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Warnings About Sharing Your Vacations on Social Media

Nancy Patterson - August 30, 2019

Warnings About Sharing Your Vacations on Social Media

You’re out at romantic dinner, or fast asleep in the middle of the night, we’ve all had a mysterious call that rang only once from a unrecognized number. Couldn’t have been a bill, it’s outside the legal times they are allowed to call. You think: “Maybe it was someone I know in trouble.” Well you really need to curb your desire to call that number back. You can otherwise be subject to the one ring scam also known as the Wangiri Fraud.

Alright, what is this “Wangiri” thing?

The idea behind the Wangiri scam, is to bait you into calling the number back. Wangiri translates to “one ring and cut” in Japanese. The idea is they want you to wonder who just called your phone and dial the number back.

The scam has been around for ages, however recently authorities say that they have seen a rise in cases. The Federal Communications Commission (FCC) warned in a press release on May 3, 2019, entitled: “SCAMMERS LOOKING TO DEFRAUD CONSUMERS BY PROMPTING EXPENSIVE CALL BACK” that there has been waves of ‘one-ring’ or ‘Wangiri’ robocall scams targeting specific area codes in bursts. Often times people will experience multiple calls in a single evening.

Effected consumers will experience calls such as ones from area code 222. Which absolutely resembles a US area code, however this particular code is the Country Code for Mauritania in West Africa. Some have even experienced numbers from the US that the scammers use through phone number spoofing techniques that mask their true identity.

This Is How You Get Burned

You might be thinking… ‘okay… so what? They call my phone, ring once and then hang up… where’s the scam?” You wouldn’t be wrong to feel this way. You would be correct, at that point it is a no-harm no-foul situation. But remember the goal is to get you to the point where you are so curious that you just HAVE to know who keeps dialing your phone. Once you make that call, you are charged an astronomical rate per minute you are on the call.

It works kind of like 1-900 numbers or premium service lines. When you make the call, the scammers will do whatever it takes to keep you on the line.

For Example: In one instance, you are told a friend of yours has sent you a song, and they will reveal who sent it to you once the song is over. They will then precede to play the song for, what goes on forever, before you finally just get fed up and hang up. But at that rate, maybe 5-10 minutes have gone by. Other scams involve getting instructions for a deliver pick up, or notifications of a sick relative. It is all just a ploy to keep you on the phone for as long as possible to rack up those charges.

When we return unknown calls we do it because we are curious who was calling us, and to let whomever called know they must have misdialed if it is a wrong number. So in most cases a completely innocent and lovely gesture. In those cases, we are sure we are dialing someone’s private line in the country. In other words, we for the most part think we are dialing back a free call. So imagine the surprise on your phone bill when you find out you were being charged a per-minute rate on that 15-minute confusing phone call you had one evening last month!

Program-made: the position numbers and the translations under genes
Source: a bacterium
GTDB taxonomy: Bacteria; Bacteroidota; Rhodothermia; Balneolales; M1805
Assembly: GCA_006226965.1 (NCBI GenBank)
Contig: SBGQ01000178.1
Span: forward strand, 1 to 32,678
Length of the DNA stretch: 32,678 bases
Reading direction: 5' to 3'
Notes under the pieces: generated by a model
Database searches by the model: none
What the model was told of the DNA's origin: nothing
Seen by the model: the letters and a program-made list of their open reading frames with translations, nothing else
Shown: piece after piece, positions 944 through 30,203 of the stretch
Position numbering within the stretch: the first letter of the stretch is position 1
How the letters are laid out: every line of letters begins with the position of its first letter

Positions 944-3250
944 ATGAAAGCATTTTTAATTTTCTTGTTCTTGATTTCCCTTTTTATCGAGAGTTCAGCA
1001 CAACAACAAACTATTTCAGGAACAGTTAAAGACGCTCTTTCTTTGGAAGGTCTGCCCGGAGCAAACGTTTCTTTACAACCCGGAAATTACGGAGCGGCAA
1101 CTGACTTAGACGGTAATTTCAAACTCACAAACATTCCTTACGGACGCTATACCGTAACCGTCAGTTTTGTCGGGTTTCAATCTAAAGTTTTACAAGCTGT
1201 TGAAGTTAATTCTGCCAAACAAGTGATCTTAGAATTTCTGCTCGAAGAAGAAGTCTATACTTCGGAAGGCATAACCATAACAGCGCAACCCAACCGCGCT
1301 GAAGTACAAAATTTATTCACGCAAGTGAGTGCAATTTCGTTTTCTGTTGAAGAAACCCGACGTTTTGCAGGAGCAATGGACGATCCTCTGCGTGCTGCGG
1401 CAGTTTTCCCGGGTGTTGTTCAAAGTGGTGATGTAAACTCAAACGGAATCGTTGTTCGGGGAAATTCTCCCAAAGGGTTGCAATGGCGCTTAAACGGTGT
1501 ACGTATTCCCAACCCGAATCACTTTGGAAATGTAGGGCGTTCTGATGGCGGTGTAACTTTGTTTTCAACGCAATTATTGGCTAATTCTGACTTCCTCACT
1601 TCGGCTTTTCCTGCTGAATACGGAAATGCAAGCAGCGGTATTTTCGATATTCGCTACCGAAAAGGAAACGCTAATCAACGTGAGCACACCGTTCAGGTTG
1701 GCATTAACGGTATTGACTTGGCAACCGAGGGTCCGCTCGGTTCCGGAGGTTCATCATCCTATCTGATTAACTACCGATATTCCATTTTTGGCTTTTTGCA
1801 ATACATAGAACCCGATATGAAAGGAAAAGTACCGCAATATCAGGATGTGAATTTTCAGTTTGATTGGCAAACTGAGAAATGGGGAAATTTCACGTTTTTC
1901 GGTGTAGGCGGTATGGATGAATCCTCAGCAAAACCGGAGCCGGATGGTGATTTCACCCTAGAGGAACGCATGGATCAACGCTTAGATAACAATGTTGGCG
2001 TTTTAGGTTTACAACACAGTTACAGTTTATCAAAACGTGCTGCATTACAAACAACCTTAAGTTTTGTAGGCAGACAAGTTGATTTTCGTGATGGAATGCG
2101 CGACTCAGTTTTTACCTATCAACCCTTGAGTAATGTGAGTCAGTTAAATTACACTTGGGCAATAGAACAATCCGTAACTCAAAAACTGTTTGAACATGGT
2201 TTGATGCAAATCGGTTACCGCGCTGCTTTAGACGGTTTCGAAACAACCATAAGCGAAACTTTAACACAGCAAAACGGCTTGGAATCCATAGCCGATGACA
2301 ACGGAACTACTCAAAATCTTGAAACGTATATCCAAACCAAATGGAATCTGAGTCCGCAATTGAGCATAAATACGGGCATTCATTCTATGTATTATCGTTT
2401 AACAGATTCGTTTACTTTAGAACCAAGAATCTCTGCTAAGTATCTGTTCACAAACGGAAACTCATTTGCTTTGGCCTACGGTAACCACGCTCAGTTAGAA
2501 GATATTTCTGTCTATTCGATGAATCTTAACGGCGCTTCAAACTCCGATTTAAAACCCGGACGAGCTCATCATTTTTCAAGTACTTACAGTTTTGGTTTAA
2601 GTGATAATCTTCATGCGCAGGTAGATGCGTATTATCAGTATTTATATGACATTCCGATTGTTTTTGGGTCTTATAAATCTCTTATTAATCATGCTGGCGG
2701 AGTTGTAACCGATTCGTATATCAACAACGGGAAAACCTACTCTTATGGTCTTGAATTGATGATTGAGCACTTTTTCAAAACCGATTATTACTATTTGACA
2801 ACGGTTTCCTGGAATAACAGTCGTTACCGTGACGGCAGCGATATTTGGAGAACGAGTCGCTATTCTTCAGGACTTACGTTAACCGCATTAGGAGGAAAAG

You Won’t Be A Victim

There are a few things to remember in order to not become a victim of the Wangiri scam:

  • NEVER CALL BACK

    Look you want to be nice and you may be overly curious, but let’s face it, the best way to protect yourself is to just ignore that nonsense.

  • BLOCK EM’

    If you can block those numbers that are hitting your phone constantly with a single ring. Don’t put up with it!

  • BLAST EM’

    The FCC wants to know about these numbers. Help fight the good fight by reporting all single ring numbers on their website! Also report them to your phone company so they can do their part in making sure these numbers don’t make it to their customer’s phones.

  • REVERSE PHONE LOOKUP

    Get proactive in your defense. Look up all suspicious numbers using a reverse phone lookup service like the one from CheckPeople. Identify where the calls are coming from. You could find such information as a name an address, email and other personal details of whomever owns that line.

These scams prey on your base need to know. Curiosity killed the cat, and there is a reason!

If someone was in an emergency they wouldn’t keep hanging up. If you don’t know who is calling, just don’t call it back. Important calls will stay on the line or at least leave a message.

It’s very easy to miss these charges as in some cases it’s a few bucks. But over time and via a vast pool of potential victims, this is very lucrative for the scammers.

Stay safe and call only those you know and you’ll be safe from the Wangiri Scam!

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